A 13 minute documentary about the Truth and Reconciliation Commission (TRC), set up in Maine to investigate the forcible removal of Native American children from their homes over many years, debuts today.

For hundreds of years, Federal and state governments wrested Native American children from their parents and placed them in institutions of one kind or another or in the homes of white families in an effort to  “civilize the savage born”.   This practice and policy left many of those children psychologically battered for the rest of their lives.  One Native American woman told Maine's Truth and Reconciliation commissioners that she still has nightmares from the coming of age experience. 


“All we did was beg for our foster mothers to hug us and say they loved us.  My baby sister and I sat in a tub of bleach one time trying to convince each other that we’re getting white.  And then we knew they would accept us.  Where was the state? Where was the state?  They were supposed to have been our guardian.  But where were they?” 

An excerpt from "First Light", a 13-minute short documentary film about the work of the Maine Wabanaki-State Child Welfare Truth and Reconciliation Commission (TRC), described as the first such task force in US history to investigate forced removals.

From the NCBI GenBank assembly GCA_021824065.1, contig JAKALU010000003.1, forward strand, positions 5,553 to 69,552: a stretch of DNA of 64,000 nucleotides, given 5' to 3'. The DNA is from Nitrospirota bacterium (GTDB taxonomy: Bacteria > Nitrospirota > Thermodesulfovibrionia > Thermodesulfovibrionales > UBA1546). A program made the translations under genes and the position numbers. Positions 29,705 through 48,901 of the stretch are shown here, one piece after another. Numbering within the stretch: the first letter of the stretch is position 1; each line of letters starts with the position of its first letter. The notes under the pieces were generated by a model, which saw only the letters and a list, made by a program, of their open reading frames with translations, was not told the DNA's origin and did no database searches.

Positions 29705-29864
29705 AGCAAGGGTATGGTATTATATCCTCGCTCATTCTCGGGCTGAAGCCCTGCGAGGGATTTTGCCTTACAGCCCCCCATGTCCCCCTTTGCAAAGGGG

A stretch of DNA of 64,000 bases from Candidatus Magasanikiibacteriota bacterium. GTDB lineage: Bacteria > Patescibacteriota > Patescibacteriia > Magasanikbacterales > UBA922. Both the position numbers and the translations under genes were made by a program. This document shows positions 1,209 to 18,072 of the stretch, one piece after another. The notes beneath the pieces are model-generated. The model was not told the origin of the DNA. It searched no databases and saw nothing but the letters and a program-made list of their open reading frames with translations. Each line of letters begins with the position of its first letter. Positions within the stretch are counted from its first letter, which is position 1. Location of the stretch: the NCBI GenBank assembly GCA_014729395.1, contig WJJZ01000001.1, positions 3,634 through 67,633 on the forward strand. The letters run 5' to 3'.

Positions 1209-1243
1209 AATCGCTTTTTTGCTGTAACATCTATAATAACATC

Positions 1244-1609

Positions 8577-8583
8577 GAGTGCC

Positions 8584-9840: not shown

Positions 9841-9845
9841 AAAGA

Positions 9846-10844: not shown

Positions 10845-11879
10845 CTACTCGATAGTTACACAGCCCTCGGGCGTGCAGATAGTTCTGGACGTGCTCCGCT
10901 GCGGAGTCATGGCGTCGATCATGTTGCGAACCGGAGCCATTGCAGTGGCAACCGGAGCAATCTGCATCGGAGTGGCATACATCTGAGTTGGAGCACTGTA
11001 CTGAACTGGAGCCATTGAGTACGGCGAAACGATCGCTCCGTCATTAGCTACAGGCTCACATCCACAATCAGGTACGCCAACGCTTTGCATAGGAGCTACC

First Light from Upstander Project on Vimeo.

Adam Mazo of Somerville’s Upstander Project is the co-producer of First Light:

“Maine has led the way in trying to address this crisis of Native American children removed from their families at alarming rates.”

According to a 1976 report commissioned by the Association on American Indian Affairs, as many as one third of Native American children were separated from their families between 1941 and 1967.  

This problem of Native American children being taken from their families is not unique to Maine.   And it’s been going on for decades and centuries,” said Mazo.

“Even in the 1970’s, data was gathered that found that one in four native children were living away from their families, whether it’s through adoption, foster care, institutionalization, prison, boarding schools.  You had a whole 25 percent of Native American children living away from their parents and their tribes.”

Often explicitly racist rationales for removal have changed over the decades, but each year across the US hundreds of Native American children are separated from their parents.   Maine’s Wabanaki Child Welfare Truth and Reconciliation Commission is modeled on the process of investigation begun in Argentina and popularized in post-apartheid South Africa.   Credit for its creation in 2013 is given to the Chiefs of Maine's five tribes in collaboration with the state’s infamously conservative governor, Paul LePage.  

"It makes sense that the Truth and Reconciliation Commission would start in Maine—the eastern most point in the United States,” says  Mazo.  “And they [Native Americans] hope it would spread across the country.  Look at what has happened to Native American children through the child welfare system and say ‘let’s make a change and find ways for native children to be able to stay with their families.” 

“First Light”  is the first in a series of shorts on Native Americans to precede the feature film “Dawnland” slated for release in early 2017. 

RESOURCES: New England School of Law upcoming program for Thursday, Oct. 22

"Historical Justice and Indigenous Peoples’ Justice Claims in the United States" will feature a screening of First Light and a panel discussion on the Truth and Reconciliation Commission.